Department of Energy Argonne National Laboratory Office of Science NEWTON's Homepage NEWTON's Homepage
NEWTON, Ask A Scientist!
NEWTON Home Page NEWTON Teachers Visit Our Archives Ask A Question How To Ask A Question Question of the Week Our Expert Scientists Volunteer at NEWTON! Frequently Asked Questions Referencing NEWTON About NEWTON About Ask A Scientist Education At Argonne Ice Density at Low Temperatures
Name:  Laurie
Status: other
Grade: other
Country: N/A
Date: 12/19/2005

Water is at a maximum density just above freezing and therefore ice is lighter than water. As ice cools further it naturally contracts increasing its density. Is there a temperature at which this very cold ice becomes denser than liquid water?

Based on density of ice tabulated in the CRC Handbook of Chemistry and Physics the density of ice at its vapor pressure (essentially zero) at -180 C (93 kelvins) is 0.9340 g/cm^2. At 0 C (273 kelvins) the density is 0.9167 gm/cm^3. The thermal expansion coefficient at -180 C is -(1/V)*(dV/dT) = 30x10^-6 C^-1, where V is the molar volume and T is the temperature. The referenced source warns that the data are rather scattered. However, it is not likely that further cooling will increase the density sufficiently to make up the difference in density between 93 and 273 kelvins. The story of "ice" is very complex, interesting, and important.

Ice has about a dozen crystal forms and several amorphous forms (molecules randomly arranged rather than in a crystal lattice) as well -- this is probably why the density data become scattered at low temperatures -- the molecules are still "moving around" and some are not yet in an equilibrium position. Ice, and the gases trapped in ice taken from Antarctic ice cores are studied for the information they may provide about the composition of the Earth's atmosphere in past years, centuries and eons. A note of warning here. In the kiloyear time frame there are many processes, such as the selective migration of gas molecules in ice, that are not well understood, so it is not a "simple" matter of measuring the composition of a gas bubble trapped in ice and assuming that represents the composition of an ancient atmosphere. In addition, there is the interesting question of the existence of water on Mars and the Moon. I have collected a few web sites (below) that will open the door for you to the fascinating story of our most important molecule, water. You will find many more links to take the story as far as you want.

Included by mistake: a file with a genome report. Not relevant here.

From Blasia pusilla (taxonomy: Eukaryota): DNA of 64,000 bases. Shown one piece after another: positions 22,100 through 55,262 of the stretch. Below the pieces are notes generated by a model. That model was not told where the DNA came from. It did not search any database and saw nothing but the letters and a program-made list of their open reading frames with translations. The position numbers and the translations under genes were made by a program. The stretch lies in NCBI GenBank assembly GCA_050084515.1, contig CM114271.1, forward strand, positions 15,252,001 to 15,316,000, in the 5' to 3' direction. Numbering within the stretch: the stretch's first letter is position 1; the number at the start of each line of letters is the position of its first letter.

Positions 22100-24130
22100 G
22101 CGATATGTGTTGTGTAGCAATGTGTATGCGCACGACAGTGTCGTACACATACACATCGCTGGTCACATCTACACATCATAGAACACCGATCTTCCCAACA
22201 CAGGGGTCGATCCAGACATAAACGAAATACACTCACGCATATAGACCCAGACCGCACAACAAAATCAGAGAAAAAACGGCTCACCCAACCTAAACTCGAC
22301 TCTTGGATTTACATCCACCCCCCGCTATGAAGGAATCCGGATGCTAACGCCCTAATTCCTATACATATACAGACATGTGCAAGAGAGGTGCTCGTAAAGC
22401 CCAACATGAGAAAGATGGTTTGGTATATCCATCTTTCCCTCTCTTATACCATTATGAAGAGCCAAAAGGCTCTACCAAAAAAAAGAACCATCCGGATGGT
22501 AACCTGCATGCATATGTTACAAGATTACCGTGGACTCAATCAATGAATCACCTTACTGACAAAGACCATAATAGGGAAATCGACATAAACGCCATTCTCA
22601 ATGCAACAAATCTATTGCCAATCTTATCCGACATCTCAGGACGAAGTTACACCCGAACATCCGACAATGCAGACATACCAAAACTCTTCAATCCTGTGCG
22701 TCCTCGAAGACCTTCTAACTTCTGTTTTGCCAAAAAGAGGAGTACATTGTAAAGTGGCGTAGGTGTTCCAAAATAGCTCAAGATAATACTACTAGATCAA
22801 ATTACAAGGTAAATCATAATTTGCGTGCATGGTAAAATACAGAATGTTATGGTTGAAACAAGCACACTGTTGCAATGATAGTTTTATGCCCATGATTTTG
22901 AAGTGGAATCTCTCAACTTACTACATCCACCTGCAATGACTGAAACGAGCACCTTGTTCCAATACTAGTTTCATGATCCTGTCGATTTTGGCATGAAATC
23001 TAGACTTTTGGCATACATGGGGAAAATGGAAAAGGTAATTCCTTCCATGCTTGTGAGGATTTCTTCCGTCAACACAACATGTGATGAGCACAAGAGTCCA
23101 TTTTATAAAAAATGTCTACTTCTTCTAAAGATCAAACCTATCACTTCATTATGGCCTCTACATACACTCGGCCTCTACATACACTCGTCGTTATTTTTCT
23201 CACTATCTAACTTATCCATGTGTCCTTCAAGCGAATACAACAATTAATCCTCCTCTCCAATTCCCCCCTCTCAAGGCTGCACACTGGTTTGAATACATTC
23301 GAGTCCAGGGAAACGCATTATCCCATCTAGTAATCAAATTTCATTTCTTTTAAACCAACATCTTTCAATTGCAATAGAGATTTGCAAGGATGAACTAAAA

Vince Calder

Water still presents challenges to our understanding, note the very recent citation in the 08 Dec 2005 issue of "Nature" page 715. From there it is possible to link with a bibliographic web site containing almost 1000 citations regarding the physics and chemistry of water:

Vince Calder

Click here to return to the Chemistry Archives

NEWTON is an electronic community for Science, Math, and Computer Science K-12 Educators, sponsored and operated by Argonne National Laboratory's Educational Programs, Andrew Skipor, Ph.D., Head of Educational Programs.

For assistance with NEWTON contact a System Operator (, or at Argonne's Educational Programs

Educational Programs
Building 360
9700 S. Cass Ave.
Argonne, Illinois
60439-4845, USA
Update: June 2012
Weclome To Newton

Argonne National Laboratory